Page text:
FedEx International is trying its best to stop some of its competitors using the French comma, which is now standard for most quotation systems.
The company is using the company-wide system to make sure it can offer the most economical, reliable service, spokeswoman Jessica Smith said in an email.
It’s the first time the company has adopted a similar system for other services, such as delivery and packaging, and it’s an attempt to ensure it has more flexibility when dealing with customer service calls and other requests, she added.
The French comma is used to separate commas and periods from semicolons.
In the United States, some punctuation marks have been replaced with an ellipsis to emphasize the point.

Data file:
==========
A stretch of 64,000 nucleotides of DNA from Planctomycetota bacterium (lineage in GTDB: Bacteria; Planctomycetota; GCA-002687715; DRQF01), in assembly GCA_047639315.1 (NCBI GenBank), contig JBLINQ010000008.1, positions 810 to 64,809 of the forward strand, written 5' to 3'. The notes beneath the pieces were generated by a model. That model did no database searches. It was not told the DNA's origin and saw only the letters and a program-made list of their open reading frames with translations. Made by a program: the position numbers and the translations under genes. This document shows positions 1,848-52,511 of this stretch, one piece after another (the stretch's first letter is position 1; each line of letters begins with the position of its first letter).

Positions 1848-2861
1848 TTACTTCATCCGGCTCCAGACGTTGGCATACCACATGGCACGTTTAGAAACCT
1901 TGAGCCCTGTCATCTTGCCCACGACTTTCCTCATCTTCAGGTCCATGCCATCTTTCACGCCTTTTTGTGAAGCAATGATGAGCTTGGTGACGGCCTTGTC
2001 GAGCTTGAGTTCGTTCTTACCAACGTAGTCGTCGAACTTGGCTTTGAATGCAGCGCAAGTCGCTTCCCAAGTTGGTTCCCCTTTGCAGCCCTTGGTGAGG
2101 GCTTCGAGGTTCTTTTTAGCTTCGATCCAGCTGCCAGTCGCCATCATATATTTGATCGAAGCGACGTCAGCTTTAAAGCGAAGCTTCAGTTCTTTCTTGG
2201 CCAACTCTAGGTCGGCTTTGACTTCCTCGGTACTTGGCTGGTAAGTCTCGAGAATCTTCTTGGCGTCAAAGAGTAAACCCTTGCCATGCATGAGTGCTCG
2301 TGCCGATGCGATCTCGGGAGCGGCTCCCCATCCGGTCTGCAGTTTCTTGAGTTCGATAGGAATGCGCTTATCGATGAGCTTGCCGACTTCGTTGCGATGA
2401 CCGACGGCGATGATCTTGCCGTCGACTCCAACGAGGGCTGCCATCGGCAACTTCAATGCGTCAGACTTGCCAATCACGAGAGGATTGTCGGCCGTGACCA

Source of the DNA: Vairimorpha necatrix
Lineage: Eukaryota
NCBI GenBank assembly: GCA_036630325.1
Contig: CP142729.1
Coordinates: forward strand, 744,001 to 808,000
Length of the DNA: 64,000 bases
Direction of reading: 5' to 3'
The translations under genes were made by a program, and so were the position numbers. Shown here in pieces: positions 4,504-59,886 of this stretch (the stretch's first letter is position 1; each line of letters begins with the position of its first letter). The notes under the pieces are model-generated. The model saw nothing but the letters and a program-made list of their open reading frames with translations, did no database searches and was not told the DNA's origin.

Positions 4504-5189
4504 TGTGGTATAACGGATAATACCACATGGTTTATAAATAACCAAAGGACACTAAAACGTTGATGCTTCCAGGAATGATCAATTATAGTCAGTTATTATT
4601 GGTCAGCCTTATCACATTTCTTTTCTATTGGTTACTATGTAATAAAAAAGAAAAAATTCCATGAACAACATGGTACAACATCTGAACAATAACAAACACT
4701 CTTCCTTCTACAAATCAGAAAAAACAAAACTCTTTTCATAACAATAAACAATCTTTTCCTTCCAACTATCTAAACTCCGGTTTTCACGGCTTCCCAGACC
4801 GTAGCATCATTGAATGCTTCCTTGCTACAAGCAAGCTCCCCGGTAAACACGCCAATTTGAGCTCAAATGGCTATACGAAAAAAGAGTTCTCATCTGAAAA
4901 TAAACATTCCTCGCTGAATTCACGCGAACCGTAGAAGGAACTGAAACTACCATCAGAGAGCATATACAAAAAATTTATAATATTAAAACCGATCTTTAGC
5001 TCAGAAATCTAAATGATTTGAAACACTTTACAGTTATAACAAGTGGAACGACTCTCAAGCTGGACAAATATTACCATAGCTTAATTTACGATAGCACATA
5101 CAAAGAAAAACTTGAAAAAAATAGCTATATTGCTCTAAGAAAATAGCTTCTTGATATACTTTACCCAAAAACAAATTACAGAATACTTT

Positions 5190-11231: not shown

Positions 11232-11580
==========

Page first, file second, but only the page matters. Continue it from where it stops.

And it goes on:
For example, the ellipses were replaced with asterisks in the 2008 Presidential race to make it clear the candidates were being honest.
But FedEx is using a more formal system.
The semicolon has also been replaced by a colon to indicate an end of a sentence.
The change has allowed FedEx to keep the French commas but to make the punctuation more clear.
Smith said FedEx has “significant” use of the semicolondes and ellipsises.
FedEx is also using a system that allows the use of punctuation to indicate a period that is an optional extra, rather than being mandatory.
For instance, FedEx would indicate that a quotation was completed by saying “sent.”
In this way, it is possible to indicate that an extra quotation could have been completed by stating “received,” according to Smith.
Smith said the company is also “actively considering changes” to its quotation system.